Spring is here and things are heating up offshore. Kingfish have arrived from Tarpon Springs to Anna Maria. Spanish mackerel are around many of the bridges and piers, and cobia have appeared on the wrecks. Our most interesting discovery last week was blackfin tuna. On the way in from offshore we spotted birds working over a pod of bait. As we approached we saw big splashes blowing up the water. This usually turns out to be bonito, but these splashes were much bigger. A dense pod of tiny Spanish sardines was being circled by a dozen sharks and around the perimeter were the telltale black backs of blackfin tuna. Periodically the tunas would rise and attack the bait pod, with many of them sailing completely out of the water. The hapless minnows eventually moved in under the boat for cover, so we shut the motors off and became part of the feeding frenzy. Nearly every cast with a topwater plug produced a strike from a tuna in the 20- to 25-pound class. If the fish went deep and stopped feeding, we would move the boat ahead, leaving the bait pod exposed and open to attack. This went on for 15 minutes until the sharks switched from gulping mouthfuls of minnows to destroying the tuna we hooked. With several 25-pound tuna prepped and on ice, we called it a day. Generally speaking, tuna feed best early in the day and a few hours before dark. If you go looking for them, get out at first light or in the evening.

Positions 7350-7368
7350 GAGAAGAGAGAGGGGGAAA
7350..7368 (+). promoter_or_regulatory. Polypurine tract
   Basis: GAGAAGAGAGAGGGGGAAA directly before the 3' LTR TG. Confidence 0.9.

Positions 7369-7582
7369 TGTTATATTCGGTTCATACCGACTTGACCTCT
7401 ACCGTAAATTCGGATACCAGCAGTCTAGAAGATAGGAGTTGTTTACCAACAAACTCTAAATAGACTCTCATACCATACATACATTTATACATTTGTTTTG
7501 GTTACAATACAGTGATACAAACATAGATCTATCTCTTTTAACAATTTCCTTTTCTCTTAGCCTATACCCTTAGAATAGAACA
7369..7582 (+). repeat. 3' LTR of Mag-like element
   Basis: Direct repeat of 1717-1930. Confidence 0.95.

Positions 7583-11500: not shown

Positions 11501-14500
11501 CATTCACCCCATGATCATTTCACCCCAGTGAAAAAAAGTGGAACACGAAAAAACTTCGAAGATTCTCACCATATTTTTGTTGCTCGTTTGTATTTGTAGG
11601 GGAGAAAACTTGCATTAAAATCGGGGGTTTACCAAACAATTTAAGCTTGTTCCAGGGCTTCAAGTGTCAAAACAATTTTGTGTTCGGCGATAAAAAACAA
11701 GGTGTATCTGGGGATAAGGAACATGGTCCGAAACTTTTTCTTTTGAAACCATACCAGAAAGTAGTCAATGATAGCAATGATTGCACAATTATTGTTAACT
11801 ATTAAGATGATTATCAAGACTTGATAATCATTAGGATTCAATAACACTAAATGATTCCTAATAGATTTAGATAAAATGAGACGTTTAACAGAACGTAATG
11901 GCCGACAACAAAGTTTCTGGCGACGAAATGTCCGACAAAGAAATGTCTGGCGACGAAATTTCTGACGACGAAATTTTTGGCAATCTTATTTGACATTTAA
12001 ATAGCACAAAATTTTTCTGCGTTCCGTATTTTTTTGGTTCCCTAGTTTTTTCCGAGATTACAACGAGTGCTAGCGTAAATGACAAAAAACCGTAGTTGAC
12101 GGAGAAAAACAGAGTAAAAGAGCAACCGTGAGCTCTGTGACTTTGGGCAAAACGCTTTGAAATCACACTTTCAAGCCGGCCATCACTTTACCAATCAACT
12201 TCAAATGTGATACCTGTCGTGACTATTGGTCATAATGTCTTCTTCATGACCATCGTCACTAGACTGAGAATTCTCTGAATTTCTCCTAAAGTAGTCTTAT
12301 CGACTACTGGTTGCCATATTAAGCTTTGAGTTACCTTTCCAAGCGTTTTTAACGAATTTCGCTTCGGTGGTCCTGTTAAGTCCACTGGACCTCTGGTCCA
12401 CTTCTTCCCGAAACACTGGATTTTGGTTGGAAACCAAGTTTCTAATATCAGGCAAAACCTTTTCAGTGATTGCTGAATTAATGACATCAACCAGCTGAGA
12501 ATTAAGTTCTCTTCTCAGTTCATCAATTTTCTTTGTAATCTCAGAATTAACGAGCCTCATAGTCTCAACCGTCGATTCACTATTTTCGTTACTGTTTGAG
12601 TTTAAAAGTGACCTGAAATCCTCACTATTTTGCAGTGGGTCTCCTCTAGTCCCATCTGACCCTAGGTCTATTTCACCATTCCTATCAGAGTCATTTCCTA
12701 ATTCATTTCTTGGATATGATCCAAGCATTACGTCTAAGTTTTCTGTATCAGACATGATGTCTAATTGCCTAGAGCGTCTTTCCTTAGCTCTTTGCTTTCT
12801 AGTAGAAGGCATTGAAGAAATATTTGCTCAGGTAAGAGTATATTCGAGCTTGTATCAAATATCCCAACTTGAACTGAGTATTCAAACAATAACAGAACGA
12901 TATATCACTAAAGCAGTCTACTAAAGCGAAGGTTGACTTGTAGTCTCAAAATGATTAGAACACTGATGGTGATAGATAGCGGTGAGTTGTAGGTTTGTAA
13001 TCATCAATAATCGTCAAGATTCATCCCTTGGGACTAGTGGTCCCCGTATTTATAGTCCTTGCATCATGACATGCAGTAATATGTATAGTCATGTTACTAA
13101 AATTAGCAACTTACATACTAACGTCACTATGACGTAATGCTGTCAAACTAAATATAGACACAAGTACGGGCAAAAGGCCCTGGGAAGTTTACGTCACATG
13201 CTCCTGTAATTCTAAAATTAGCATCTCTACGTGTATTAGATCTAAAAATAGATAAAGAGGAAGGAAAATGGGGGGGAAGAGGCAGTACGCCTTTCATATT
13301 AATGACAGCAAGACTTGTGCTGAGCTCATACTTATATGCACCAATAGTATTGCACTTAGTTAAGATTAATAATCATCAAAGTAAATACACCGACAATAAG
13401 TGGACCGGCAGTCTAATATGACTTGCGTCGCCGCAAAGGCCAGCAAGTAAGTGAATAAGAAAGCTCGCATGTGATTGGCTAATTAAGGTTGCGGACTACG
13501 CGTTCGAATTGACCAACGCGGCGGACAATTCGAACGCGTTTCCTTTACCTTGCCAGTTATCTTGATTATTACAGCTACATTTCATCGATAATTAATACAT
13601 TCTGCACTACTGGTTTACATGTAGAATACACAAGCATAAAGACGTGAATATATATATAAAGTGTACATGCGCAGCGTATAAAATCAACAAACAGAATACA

Ed Walker charters out of Tarpon Springs. He can be contacted at firstname.lastname@example.org.